Panion & BF Biotech Inc (寶齡富錦), which manufactures pharmaceuticals, cosmetics and consumer healthcare products, said yesterday that it expects its new drug for treating kidney disease to acquire a permit in Taiwan in three months.
The company’s optimism came after the Food and Drug Administration (FDA) on Feb. 19 rejected the company’s application to license new drug Nephoxil.
The FDA has agreed to conduct another review if the company is able to supplement its data within three months.
“The main concern for the administration is that the company cannot use data compiled by our US partner Keryx Biopharmaceuticals Inc because it used tablets for its clinical trials, while we used capsules,” president Michael Chiang (江宗明) told an investors’ conference in Taipei yesterday.
Chiang said the company has fully cooperated with the FDA to provide the necessary data for further review.
Nephoxil gained approval in Japan on Jan. 17 and has been under review for a new drug application in the US since August last year and in Europe since Monday last week, said Raymond Chuang (莊瑞元), a senior manager at the company.
The company has licensed the drug to US-based Keryx Biopharmaceuticals and Japan-based Torii Pharmaceutical Co, and it will receive milestone payments and single-digit percentage royalty payments on sales of the drug in those two countries, Chuang said.
The two companies will also pay a manufacturing fee for the active pharmaceutical ingredients to Panion & BF Biotech, he added.
However, the company has to pay 33.4 percent of the milestone payments and 50 percent of the royalties it receives in the US, Japan and in five European nations to the person who invented the drug, Chuang said.
Chuang said Nephoxil is currently the only drug in the world that can reduce both high serum phosphate level and anemia resulting from kidney problems, which will allow the drug to grab a large market share and sell at a higher price.
The combined sales of Sevelamer and Lanthanum, which are most commonly used together to treat high serum phosphate levels caused by kidney problems, were US$1.2 billion worldwide in 2012, Chuang said, citing the financial reports of Sanofi SA, which sells Sevelamer, and Shire PLC, which sells Lanthanum.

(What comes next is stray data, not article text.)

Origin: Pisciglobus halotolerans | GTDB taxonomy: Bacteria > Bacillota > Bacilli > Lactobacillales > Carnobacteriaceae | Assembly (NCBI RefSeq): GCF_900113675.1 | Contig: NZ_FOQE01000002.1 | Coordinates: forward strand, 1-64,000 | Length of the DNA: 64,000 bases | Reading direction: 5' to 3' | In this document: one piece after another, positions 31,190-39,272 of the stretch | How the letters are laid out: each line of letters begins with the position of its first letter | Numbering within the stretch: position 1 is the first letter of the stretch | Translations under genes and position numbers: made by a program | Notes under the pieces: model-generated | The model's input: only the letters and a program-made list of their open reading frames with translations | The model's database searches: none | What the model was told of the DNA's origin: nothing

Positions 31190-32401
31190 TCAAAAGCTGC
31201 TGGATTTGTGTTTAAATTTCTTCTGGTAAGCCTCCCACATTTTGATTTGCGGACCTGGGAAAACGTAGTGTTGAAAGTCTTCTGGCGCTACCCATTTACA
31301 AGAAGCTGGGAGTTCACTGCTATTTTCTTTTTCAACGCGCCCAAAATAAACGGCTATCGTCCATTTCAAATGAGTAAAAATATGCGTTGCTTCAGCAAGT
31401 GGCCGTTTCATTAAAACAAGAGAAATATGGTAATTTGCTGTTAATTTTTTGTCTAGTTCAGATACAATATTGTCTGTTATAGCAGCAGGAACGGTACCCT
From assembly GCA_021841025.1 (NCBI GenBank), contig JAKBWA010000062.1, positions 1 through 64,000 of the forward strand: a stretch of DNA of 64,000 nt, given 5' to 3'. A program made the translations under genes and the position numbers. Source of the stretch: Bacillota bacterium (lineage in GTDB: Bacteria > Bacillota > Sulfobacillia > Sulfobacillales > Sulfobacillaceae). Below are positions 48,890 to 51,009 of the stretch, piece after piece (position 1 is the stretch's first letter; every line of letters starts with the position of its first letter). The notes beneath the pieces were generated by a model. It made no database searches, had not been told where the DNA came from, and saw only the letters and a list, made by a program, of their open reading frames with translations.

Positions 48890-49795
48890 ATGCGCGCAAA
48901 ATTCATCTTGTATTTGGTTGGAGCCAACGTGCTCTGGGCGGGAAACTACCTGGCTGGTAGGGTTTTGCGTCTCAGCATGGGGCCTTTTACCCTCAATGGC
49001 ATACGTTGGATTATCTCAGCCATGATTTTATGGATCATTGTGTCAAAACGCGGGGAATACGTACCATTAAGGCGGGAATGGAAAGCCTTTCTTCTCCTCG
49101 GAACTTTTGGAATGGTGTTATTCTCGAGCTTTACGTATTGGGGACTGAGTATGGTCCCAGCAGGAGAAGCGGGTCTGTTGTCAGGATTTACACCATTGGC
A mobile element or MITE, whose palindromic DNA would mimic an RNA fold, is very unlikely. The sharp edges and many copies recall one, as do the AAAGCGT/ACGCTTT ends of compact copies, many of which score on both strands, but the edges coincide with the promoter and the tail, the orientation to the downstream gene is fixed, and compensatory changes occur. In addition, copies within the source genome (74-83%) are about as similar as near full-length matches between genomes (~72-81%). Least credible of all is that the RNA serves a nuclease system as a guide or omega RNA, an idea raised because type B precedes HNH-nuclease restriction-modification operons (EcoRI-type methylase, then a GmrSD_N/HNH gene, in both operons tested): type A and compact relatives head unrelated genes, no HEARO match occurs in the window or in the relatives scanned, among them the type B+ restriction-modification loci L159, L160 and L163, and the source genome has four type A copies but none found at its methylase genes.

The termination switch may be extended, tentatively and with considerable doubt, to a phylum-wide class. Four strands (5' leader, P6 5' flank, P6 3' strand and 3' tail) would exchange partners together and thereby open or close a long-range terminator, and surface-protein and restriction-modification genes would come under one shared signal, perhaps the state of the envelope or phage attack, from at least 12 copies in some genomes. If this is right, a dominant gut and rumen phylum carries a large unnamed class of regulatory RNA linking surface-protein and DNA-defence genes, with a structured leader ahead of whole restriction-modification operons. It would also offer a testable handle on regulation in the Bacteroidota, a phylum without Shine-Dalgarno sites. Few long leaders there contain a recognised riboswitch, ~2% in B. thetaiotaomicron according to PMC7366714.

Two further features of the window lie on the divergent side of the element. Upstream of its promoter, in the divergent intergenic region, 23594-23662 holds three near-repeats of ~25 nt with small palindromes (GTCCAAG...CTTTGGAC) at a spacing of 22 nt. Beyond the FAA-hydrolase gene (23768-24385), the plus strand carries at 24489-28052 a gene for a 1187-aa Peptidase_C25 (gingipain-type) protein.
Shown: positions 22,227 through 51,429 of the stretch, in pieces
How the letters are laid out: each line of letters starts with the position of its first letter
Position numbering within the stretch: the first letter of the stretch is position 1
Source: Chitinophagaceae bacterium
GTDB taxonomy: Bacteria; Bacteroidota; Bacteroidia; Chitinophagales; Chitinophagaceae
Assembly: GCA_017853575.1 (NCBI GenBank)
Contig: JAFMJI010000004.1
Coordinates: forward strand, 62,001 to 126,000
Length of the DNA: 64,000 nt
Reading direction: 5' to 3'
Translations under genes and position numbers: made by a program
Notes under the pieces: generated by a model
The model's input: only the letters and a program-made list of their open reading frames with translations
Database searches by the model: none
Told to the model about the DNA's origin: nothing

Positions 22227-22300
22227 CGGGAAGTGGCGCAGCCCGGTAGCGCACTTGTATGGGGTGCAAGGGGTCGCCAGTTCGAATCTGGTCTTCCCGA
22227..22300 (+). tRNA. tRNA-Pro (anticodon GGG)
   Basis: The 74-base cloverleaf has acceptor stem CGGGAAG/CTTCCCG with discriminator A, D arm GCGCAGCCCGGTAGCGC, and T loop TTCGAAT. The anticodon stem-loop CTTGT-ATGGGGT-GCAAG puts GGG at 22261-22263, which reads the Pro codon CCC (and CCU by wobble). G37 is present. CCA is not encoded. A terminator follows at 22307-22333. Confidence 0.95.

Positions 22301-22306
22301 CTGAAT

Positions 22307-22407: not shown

Chuang said patents for the drug last until 2024 at the earliest.
Last year, the company posted revenue of NT$847.78 million (US$27.93 million), up 26.76 percent from NT$668.79 million the previous year, according to a company filing to the Taiwan Stock Exchange.
In the first half of last year, the company swung into the black with a profit of NT$3.1 million, or earnings per share of NT$0.09, after it reported losses the previous three years because of high drug development costs, it said.
Panion & BF Biotech financial and accounting division vice president Eric Wang (王烽任) said the company’s profitability last year was “satisfactory.”
Panion & BF Biotech shares rose 1.58 percent to close at NT$393.5 yesterday on the Emerging Stock Market, outperforming the over-the-counter benchmark index, which was up 0.48 percent.
Luxury hotel Mandarin Oriental Taipei (文華東方酒店) plans to reopen its guestrooms in December to take advantage of a boom in domestic travel. The reopening would come six months after the five-star facility suspended room operations to cut costs as countries across the region impose border controls to contain the COVID-19 pandemic, diminishing demand for business travel. “We are delighted to share that Mandarin Oriental Taipei will resume room operations on December 1,” the hotel said in a statement yesterday. The hotel in Songshan District (松山) said it would adopt stringent health and safety practices to ensure the well-being of its guests and employees. It
India’s COVID-19 economic gloom turned into despair this week, on news that its per capita GDP for this year might be lower than that of Bangladesh. “Any emerging economy doing well is good news,” Kaushik Basu, a former World Bank chief economist, said on Twitter after the IMF updated its World Economic Outlook. “But it’s shocking that India, which had a lead of 25% five years ago, is now trailing.” Ever since it began opening up the economy in the 1990s, India’s dream has been to emulate China’s rapid expansion. After three decades of persevering with that campaign, slipping behind Bangladesh hurts
When the COVID-19 pandemic shut down bars and concert halls in the US in March, a new phenomenon was born: the vacation-rental nightclub. Professional party promoters started scanning Airbnb, Vrbo and other short-term rental sites for mansions and luxury condos for hire. Tickets were going for US$90 on Eventbrite and TikTok for soirees with bottle service and DJs. “People were looking to escape from their own homes and came into our tiny neighborhood to party all day, every day,” said Kristen Robinson Doe, a resident of a quiet suburban Dallas neighborhood, where a party pad was being rented out for more than
HSBC Bank (Taiwan) Ltd (匯豐台灣商銀) has approved two sustainability-linked loans totaling NT$450 million (US$15.55 million) for Taya Group (大亞集團) and Sinbon Electronics Co (信邦電子), the bank said yesterday, adding that interest rates would fall if the borrowers’ sustainability performance improves. Those marked the first sustainability-linked loans granted by HSBC Taiwan, it said. While HSBC Taiwan has experience providing green loans for the nation’s developers of renewable energy sources to support their projects, the bank began focusing on sustainability-linked loans to meet rising demand from companies in other sectors planning to undertake sustainability programs, it said. “As we reward our clients who reach their